But she also warned against high expectations for the 17 nuclear power plants in Germany, which are currently scheduled to be shut down in 2021. Opinion polls show a majority of Germans opposed to extending the use of nuclear power.
Merkel said security was the highest priority.
She also said she wanted to give any measure to extend nuclear power a strong legal foundation - which is why she wants to find a way to extend nuclear power without needing approval from the upper house, or Bundesrat, where her centre-right coalition has no majority.
"From the point of view of energy experts an extension of more than 10 years is desirable," Merkel told ARD television. "From an expert point of view an [extension] period of 10 to 15 years is reasonable."
On Saturday Economy Minister Rainer Bruederle said German nuclear power plants should continue operating for a further 12 years beyond their scheduled shutdown date of 2021.
Bruederle, who has strongly backed extending nuclear power use beyond 2021, offered the target ahead of the publication of an energy development plan due at the end of September.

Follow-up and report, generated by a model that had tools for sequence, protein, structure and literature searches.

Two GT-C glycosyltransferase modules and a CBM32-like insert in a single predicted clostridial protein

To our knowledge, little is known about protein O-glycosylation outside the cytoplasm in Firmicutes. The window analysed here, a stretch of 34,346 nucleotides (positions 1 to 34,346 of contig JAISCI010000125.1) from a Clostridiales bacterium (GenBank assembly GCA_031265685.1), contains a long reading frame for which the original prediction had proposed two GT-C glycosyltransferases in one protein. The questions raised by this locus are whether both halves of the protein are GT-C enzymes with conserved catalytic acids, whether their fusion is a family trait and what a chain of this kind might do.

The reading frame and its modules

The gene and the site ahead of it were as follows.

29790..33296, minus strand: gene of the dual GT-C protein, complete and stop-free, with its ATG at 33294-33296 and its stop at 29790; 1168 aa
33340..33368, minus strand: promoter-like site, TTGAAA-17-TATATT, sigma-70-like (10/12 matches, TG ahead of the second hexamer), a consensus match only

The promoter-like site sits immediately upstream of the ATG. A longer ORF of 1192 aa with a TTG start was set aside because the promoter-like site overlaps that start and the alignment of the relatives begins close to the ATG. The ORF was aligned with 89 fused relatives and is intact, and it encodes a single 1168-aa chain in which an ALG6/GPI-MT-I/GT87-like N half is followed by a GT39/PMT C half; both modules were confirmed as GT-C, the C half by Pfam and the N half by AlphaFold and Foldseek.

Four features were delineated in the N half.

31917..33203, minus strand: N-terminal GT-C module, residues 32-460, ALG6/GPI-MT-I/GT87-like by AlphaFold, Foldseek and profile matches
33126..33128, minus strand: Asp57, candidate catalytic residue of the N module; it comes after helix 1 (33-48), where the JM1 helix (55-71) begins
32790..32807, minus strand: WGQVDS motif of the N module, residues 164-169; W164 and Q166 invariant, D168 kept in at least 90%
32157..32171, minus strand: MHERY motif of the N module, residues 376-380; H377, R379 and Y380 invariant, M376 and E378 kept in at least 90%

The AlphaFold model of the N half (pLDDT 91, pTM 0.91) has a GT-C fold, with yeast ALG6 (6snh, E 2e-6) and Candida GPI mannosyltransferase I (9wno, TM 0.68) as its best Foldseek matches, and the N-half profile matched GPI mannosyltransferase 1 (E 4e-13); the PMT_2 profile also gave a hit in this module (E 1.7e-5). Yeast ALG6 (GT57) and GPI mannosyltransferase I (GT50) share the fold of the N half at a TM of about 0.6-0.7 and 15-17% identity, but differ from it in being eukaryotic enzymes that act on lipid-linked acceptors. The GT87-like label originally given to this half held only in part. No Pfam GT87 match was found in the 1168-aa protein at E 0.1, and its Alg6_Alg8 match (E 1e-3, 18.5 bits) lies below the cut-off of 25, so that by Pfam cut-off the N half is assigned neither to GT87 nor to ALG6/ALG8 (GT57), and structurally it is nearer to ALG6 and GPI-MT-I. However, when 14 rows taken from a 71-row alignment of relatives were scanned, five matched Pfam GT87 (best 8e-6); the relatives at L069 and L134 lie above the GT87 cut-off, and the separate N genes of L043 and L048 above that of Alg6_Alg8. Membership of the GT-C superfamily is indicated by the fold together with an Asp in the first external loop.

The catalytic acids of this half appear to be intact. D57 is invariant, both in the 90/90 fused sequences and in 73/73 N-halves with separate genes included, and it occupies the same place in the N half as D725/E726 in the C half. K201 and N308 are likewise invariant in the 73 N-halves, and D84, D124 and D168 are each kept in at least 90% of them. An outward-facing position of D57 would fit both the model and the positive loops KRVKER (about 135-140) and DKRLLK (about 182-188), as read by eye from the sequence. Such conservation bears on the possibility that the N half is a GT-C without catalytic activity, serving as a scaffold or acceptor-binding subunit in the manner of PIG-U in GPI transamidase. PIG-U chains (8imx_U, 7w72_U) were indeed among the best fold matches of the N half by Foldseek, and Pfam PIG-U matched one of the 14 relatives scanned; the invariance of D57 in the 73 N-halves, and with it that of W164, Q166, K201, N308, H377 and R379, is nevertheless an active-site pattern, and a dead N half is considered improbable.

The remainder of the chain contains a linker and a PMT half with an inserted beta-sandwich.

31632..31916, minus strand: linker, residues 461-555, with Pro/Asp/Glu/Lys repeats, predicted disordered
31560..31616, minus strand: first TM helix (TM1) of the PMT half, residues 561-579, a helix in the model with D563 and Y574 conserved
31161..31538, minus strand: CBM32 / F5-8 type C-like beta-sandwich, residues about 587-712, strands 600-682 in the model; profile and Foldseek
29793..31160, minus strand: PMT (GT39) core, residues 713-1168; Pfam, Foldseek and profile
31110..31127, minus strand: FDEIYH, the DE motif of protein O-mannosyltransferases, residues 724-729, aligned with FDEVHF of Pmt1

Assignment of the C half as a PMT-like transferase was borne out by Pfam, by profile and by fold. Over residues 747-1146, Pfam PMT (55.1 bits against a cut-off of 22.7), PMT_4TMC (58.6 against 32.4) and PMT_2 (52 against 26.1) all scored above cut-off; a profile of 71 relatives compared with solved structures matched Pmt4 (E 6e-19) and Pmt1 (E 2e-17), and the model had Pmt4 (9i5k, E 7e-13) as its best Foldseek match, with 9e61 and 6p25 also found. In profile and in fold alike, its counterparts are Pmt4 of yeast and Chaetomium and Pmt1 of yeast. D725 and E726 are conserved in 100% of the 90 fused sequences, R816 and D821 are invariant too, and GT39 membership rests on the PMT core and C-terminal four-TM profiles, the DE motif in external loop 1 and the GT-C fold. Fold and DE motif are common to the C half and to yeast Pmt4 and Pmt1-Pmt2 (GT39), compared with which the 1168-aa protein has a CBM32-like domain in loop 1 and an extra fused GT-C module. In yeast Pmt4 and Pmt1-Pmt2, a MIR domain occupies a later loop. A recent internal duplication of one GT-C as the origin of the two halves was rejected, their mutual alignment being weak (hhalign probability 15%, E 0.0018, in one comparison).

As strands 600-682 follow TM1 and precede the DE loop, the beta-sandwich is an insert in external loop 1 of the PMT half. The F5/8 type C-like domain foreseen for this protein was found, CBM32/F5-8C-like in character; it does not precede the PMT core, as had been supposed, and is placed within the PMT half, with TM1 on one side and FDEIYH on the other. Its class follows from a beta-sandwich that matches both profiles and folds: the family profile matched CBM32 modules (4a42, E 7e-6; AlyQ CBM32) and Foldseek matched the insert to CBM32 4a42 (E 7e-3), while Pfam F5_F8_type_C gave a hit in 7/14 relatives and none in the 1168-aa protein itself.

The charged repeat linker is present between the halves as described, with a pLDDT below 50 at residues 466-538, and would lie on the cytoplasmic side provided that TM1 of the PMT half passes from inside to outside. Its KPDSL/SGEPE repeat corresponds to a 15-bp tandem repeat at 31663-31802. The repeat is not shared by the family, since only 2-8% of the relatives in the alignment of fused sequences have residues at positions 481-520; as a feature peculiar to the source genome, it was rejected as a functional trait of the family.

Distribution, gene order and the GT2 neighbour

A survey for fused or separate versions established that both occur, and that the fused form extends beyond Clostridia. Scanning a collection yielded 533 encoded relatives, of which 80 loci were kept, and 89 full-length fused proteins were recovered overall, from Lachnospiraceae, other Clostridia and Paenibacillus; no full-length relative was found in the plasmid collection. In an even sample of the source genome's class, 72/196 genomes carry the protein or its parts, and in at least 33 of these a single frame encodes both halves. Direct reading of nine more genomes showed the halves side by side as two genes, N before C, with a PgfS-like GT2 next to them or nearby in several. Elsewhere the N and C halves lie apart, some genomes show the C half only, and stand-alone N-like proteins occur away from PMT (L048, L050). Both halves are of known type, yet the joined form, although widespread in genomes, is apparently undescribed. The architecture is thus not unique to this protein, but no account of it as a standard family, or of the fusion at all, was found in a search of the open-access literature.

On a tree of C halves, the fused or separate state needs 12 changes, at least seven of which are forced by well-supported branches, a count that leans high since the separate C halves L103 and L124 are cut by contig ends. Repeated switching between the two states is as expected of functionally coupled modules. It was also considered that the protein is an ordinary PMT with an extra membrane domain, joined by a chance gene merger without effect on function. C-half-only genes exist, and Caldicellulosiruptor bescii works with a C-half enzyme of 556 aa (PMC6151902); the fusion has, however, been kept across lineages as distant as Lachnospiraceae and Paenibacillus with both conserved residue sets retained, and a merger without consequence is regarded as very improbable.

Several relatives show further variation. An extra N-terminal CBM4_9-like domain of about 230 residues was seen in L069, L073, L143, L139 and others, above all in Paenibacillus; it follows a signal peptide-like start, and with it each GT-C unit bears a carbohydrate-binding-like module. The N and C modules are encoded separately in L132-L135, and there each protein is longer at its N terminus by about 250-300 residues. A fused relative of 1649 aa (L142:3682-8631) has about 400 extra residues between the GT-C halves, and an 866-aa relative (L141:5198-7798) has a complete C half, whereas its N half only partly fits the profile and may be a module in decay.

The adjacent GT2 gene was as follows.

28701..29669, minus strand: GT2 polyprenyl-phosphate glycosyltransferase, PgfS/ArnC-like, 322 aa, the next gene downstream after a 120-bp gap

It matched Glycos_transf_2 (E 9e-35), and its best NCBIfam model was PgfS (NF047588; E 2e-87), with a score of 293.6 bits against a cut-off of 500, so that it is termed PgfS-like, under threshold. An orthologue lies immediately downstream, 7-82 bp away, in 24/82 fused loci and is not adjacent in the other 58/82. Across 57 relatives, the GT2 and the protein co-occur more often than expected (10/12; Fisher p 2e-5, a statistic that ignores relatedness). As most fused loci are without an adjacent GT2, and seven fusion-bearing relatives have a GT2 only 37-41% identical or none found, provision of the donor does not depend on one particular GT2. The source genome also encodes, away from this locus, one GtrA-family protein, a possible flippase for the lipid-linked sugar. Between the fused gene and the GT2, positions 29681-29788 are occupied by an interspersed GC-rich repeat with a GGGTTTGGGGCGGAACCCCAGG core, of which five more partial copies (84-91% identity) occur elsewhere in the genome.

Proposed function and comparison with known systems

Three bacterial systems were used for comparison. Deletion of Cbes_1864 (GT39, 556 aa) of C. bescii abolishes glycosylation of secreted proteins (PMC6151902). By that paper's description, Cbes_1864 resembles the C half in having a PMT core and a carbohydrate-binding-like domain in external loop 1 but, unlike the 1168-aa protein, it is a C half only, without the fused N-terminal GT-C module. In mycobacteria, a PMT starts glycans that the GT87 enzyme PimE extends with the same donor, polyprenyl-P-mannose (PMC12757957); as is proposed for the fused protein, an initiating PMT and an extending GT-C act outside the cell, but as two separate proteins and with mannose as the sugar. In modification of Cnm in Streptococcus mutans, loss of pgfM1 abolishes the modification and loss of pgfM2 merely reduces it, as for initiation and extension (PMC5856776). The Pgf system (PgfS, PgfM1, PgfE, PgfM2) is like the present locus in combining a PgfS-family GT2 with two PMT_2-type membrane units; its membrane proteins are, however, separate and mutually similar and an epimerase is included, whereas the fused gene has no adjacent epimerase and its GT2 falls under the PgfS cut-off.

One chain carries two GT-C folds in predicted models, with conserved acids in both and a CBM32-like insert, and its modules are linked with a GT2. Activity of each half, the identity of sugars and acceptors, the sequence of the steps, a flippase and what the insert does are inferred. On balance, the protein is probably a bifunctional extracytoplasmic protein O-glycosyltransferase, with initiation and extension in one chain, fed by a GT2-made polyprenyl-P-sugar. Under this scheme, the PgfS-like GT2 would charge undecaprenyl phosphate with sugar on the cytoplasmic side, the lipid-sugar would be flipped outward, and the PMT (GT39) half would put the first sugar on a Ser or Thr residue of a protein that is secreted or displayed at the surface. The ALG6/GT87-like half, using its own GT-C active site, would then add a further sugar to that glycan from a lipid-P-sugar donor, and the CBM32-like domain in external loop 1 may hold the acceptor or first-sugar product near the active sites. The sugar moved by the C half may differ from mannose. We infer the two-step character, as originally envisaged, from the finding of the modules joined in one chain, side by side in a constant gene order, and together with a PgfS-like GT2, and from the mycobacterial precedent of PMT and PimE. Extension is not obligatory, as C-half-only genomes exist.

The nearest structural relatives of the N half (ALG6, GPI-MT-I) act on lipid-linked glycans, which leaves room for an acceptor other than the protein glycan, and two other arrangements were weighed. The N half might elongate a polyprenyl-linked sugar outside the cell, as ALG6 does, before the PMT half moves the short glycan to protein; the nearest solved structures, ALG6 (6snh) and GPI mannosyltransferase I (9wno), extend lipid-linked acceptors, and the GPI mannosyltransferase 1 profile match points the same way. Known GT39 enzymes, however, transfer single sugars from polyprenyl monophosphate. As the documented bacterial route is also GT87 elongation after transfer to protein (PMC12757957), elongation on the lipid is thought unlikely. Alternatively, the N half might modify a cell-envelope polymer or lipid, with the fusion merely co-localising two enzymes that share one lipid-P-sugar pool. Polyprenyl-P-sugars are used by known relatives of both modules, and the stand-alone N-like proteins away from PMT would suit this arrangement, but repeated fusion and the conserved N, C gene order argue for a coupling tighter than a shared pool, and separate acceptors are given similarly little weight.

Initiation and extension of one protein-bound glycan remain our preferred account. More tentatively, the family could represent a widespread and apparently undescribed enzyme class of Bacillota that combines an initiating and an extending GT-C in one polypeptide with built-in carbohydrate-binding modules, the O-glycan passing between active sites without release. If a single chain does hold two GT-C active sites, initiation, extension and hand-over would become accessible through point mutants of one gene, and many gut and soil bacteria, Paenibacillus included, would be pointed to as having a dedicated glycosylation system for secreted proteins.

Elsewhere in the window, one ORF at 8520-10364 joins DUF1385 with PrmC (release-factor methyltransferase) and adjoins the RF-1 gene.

Germany has 17 nuclear plants, whose operators are embroiled in a scrap with Merkel's government over a planned nuclear power tax the government hopes will contribute 2.3 billion euros ($2.93 billion) per year to an austerity programme.
The Stuttgarter Zeitung newspaper had reported Merkel and top cabinet members had agreed to extend the use of nuclear power by 10 years.
Merkel denied that at a news conference on Friday, when the government received an experts' report with four different scenarios that will form the basis for a decision about whether to extend the use of nuclear power and by how long.
Under a nuclear phase-out law passed by the former centre-left Social Democrat-Greens government of Gerhard Schroeder, all German nuclear plants are due to shut by 2021.
Merkel wants to extend their lifespans while forcing utilities to hand over more of their profits.
The biggest utilities, E.ON, RWE, Energie Baden-Wuerttemberg and Vattenfall have campaigned strongly against the nuclear fuel tax and pushed for a tax-deductible fixed charge instead.
Nuclear power providers had threatened to cut investments and possibly even shut down plants if the tax was implemented.
(EurActiv with Reuters.)